‘It is to be feared that the state of discomfort and uncleanliness into which the emigrants were evidently thrown at the commencement of the voyage, from the bad weather and the inexperience of the Gentleman in charge was never remedied during the whole of this voyage’
John Patterson, Emigration Agent
‘The people of the Highlands will flee from their native country before an army of sheep.’
Kenneth Mackenzie, Brahan Seer
At St Kilda Cemetery on 27 August 1898, Mrs Bowman, the daughter of John Craig attended the funeral of her father for the second time. The first burial had occurred almost sixty years earlier at Point Ormond when she was eight years old. Also reburied were the remains of George Armstrong and James Mathers. Civic leaders including the mayor and a 100 spectators attended the reburial ceremony to commemorate St Kilda’s early pioneers.
In 1840 Craig, Armstrong and Mather had arrived in Port Phillip on an overcrowded emigrant ship from Scotland called the Glen Huntly. John Craig was a weaver with seven children. The ship was flying the yellow fever flag, alarming the inhabitants of the small town of Melbourne. Lieutenant Governor Charles La Trobe ordered Victoria’s first quarantine station to be set up at Point Ormond. The rough canvas town under guard was exposed to bitterly cold and wet weather. Of the original 157 emigrants who had boarded the barque in Argyleshire, ten had already died at sea. The three men who subsequently died at the station were buried on the bluff, which thereby became St Kilda’s first official graveyard. For years the three graves were enclosed by a picket fence before erosion forced the reburial in 1898.
When the graves were opened the original red gum coffins had ‘mouldered away to dust’ but the skeletons of the bodies were almost intact. “One skull, with a good set of teeth was in almost perfect condition.”
Economic forces drove these emigrants, in particular England’s globalised wool industry and the new textile mills. The fencing in of common lands in Scotland to graze sheep forced the emigration of highland crofters, weavers and shepherds (common occupations of the Glen Huntly’s passengers). Ironically this wool trade with its need for new grazing lands had also initiated the settling of Port Phillip.
Settlers in Australia were encouraged to sponsor immigrants with a bounty for special classes of workers. The Glen Huntly was specially built to take advantage of these profitable immigration schemes and was on its maiden voyage. Merchants made fortunes chartering vessels that crammed as many people on board with insufficient food and scant attention to comfort. An examination by the settlement’s doctor, Barry Cotter, discovered that many of the Glen Huntly immigrants including children were emaciated from their long and arduous voyage.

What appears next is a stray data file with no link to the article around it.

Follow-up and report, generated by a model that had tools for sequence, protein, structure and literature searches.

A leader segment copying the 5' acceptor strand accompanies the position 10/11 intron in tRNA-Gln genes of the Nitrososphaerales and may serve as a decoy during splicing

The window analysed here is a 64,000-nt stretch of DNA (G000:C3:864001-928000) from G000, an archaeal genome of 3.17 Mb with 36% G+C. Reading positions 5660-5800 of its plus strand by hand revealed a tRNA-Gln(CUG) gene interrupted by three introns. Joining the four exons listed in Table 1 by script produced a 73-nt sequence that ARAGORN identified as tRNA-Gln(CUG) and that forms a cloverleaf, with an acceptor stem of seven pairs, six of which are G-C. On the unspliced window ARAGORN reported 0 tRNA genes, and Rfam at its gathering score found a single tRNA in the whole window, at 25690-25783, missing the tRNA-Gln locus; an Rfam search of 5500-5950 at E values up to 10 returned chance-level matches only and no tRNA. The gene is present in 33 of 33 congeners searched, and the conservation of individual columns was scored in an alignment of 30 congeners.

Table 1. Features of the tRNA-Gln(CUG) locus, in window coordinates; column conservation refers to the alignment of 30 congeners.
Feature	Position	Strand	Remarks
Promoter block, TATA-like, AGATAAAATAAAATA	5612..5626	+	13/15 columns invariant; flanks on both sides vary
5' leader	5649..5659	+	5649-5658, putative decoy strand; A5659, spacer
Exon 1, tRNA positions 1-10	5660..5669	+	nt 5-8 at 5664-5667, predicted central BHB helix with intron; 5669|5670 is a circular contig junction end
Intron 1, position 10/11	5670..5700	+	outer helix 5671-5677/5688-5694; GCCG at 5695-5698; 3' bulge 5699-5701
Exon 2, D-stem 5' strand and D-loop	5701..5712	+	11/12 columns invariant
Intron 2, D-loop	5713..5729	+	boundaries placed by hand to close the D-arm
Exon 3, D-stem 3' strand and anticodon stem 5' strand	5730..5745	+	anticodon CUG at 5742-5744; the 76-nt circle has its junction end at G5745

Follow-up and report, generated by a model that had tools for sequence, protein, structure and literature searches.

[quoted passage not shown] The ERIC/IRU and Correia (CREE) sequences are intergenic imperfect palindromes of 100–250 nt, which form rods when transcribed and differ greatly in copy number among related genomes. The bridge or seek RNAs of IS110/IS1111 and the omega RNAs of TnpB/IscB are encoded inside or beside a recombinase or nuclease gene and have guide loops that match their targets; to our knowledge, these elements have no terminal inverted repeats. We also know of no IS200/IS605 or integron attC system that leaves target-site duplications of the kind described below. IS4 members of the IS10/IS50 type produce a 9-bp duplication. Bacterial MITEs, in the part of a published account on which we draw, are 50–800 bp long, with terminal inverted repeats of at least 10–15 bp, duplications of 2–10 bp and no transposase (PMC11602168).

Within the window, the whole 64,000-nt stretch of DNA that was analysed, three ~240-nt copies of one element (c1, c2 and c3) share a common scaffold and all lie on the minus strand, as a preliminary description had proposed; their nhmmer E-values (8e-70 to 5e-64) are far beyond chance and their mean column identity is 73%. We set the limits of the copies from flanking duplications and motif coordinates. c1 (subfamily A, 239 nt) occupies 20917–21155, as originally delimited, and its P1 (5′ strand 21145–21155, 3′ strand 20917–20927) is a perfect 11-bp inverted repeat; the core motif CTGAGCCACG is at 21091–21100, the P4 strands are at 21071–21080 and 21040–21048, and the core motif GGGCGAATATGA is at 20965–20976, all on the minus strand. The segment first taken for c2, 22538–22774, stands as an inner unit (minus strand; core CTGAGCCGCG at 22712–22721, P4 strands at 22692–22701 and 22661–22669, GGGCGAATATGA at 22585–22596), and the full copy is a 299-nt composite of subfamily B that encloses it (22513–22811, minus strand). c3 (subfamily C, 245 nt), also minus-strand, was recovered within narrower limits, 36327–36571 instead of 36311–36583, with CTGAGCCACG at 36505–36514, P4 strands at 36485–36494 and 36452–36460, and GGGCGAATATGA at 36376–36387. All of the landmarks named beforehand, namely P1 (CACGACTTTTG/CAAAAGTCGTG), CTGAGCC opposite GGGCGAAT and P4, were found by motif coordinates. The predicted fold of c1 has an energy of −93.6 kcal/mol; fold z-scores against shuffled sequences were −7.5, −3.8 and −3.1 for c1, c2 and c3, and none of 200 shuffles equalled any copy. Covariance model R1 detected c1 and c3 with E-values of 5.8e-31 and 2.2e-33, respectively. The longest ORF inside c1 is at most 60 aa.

The memory of the fever ship lives on in the current names of a Melbourne suburb, railway station and road. (Apparently Glenhuntly Road that leads to Point Ormond was once called ‘Typhus Road’ before the locals understandably begged for a change).
Typhoid, as well as other diseases, continued to be a scourge in Melbourne (nicknamed ‘Marvellous Smellbourne’) till the 1890s and was accepted as a fact of life, just as we accept the road toll today. Ships’ rats carried bubonic and other plagues. The need for improved and uniform quarantine laws throughout Australia was an important impetus for federation.
The Glen Huntly Pioneers Memorial was created in St Kilda Cemetery shortly before federation. It is a stark reminder that the new nation of Australia was overwhelming comprised of Scottish, Welsh, Irish and English immigrants and their children, many of whom who had fled from poverty by extraordinarily hazardous means.
Sunday 18 April 1999 saw a gathering ofGlen Huntly descendants in St Kilda Cemetery.The gathering was almost one hundred years to the very day since the unveiling of the monument in St Kilda Cemetery to the Glen Huntly pioneers.
To quote the inscription on the monument:
On December 13th 1839 the emigrant ship ‘ Glen Huntly’ left Greenock, Scotland and arrived at Hobsons’ Bay on 17th April 1840. Many of the passengers suffering from fever were landed at the Red Bluff, St Kilda on 24 April 1840. That being the first Quarantine Station in Victoria. A few days later JOHN CRAIG, JAMES MATHERS, GEORGE ARMSTRONG succumbed to the disease and were interred at the Bluff. Owing to the encroachment of the sea their remains were exhumed and removed to the St Kilda Cemetery on 27th August 1898 by the Board of Public Health
The photograph above shows the graveside service at St Kilda in August 1898 following the removal of the remains of the Glen Huntly pioneers from Point Ormond (as Red Bluff is now known). The existing monument at St Kilda was unveiled on 16 April 1899. The Glen Huntly story is described on our general tour of the cemetery.